…and thought, "I have to go see that turquoise water for myself," now's your chance. Las Torres Patagonia is offering an all-expense-paid trip (including airfare) for 10 lucky winners to travel to Torres del Paine National Park in Chile and stay at the all-inclusive Las Torres Patagonia hotel for five days.

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We all know that Americans pay more for healthcare than every other country in the world. But how much more?

According an American expatriate who shared the story of his ER visit in a Taiwanese hospital, Americans are being taken to the cleaners when we go to the doctor. We live in a country that claims to be the greatest in the world, but where an emergency trip to the hospital can easily bankrupt someone.

Kevin Bozeat had that fact in mind when he fell ill while living in Taiwan and needed to go to the hospital. He didn't have insurance and he had no idea how much it was going to cost him. He shared the experience in a now-viral Facebook post he called "The Horrors of Socialized Medicine: A first hand experience."

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Lamb Chop and Mallory Lewis are creating nostalgia in Mellennials

"Lamb Chop's Play Along" taught a whole generation so many meaning for things. The little sock puppet taught kids things like manners, kindness and a really annoying song that doesn't have an ending. It'll probably be difficult to find a Millennial that doesn't know "The Song that Doesn't End" by Shari Lewis who voiced Lamb Chop.

The kids show aired from 1992 to 1997 on PBS, with Shari passing away just a year later. But turns out everyone's favorite squeaky voiced lamb wasn't done bringing people joy. Shari's daughter Mallory Lewis has taken up her mom's throne as Lamb Chops handler and the internet couldn't be more thrilled to see the duo.

Mallory has the same fiery red curly hair that her mom did and has brought Lamb Chop, Charley Horse and Hush Puppy back out to play. To the delight of Millennials, the sassy lamb is still just six years old and gets Mallory into some tricky situations when trying to explain things to the puppet.

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via Sitwithit / Instagram

Validation and Hope vs. Toxic Positivity

A Helpful Chart to Explain the Difference Between Support and 'Toxic Positivity" was originally published on The Mighty.

There's no denying that positivity can be powerful. I know when I'm struggling with anxiety and negative thoughts, if I can hold onto an ounce of hope — that I'll make it through, that I'm not defined by my thoughts, that I'm not as bad as my brain is making me out to be — I can cope a little better.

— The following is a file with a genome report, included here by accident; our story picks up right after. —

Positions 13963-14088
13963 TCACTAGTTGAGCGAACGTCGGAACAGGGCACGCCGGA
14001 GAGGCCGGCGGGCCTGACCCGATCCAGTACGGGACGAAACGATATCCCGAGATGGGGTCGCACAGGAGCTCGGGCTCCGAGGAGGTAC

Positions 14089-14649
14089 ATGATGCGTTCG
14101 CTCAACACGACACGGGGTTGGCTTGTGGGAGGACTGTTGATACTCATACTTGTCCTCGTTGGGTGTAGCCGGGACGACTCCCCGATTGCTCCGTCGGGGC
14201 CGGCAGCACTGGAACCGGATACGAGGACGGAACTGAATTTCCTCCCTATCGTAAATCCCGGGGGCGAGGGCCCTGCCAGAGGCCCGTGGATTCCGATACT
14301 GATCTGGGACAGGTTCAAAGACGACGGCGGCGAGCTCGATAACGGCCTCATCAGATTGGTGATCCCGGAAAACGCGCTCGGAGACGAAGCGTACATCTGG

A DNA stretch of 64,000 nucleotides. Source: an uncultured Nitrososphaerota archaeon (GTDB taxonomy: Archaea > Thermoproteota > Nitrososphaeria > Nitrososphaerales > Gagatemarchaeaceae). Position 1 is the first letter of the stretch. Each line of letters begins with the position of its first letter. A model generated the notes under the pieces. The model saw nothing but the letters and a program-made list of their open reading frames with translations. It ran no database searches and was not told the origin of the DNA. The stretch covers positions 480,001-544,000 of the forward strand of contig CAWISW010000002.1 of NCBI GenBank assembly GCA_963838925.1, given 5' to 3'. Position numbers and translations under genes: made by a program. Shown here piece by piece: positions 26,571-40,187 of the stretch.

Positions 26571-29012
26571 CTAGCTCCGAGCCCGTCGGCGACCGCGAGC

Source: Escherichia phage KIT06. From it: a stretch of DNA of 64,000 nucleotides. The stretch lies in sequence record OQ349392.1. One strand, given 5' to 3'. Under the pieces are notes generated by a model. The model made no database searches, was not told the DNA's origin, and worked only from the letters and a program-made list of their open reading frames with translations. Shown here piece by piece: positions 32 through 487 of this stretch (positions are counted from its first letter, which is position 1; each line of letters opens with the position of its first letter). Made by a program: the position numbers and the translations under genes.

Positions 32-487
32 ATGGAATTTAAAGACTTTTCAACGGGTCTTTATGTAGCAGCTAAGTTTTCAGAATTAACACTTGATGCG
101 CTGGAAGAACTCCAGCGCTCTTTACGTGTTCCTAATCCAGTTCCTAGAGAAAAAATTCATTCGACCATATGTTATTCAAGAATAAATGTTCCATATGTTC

The positivity we hold within ourselves, when we can manage it, makes it a little easier to get by.

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Family

How 5 diabolical parents called their kids' bluff in hilarious ways

The next generation is in great, if diabolical, hands.

Photo by Phuong Tran on Unsplash



Recently, blogger Jen Hatmaker had a funny conversation with a friend about parenting:

"My girlfriend told me the greatest story. Apparently her 11-year-old also wanted to be a grown up this week and, in fact, not only did he treat his siblings like despised underlings, but when asked what he wanted, he said: 'I want the authority to be in charge of them and tell them what to do, because they deserve it!'


Well. My girlfriend and her husband are NOT AT ALL MESSING AROUND with parenting. Calmly, evenly, they granted his request to be a grown-up for a week by pulling him out of camp (the underlings still got to go, because they are 'such children') and sending him to work ALL DAY EVERY DAY with his dad. He has to get up early and shower and make breakfast for everyone. He has to kiss the underlings before he goes to work and tell them to have a great day and that he loves them. He has to work on a typing project during his office hours. He only gets to eat what his dad eats, because eating like a grown-up is not nearly as fun as eating like a kid.


Want to be an adult? Fine."

Photo via iStock.

Hatmaker's post went viral, with thousands of parents chiming in with their own stories of tough love, both giving and receiving.

The responses were hilarious, poignant, and a sign that the next generation is being parented by extremely capable, if not a little bit diabolical, hands.

Here are five of my favorite stories from the comments about parenting-gone-absolutely-right: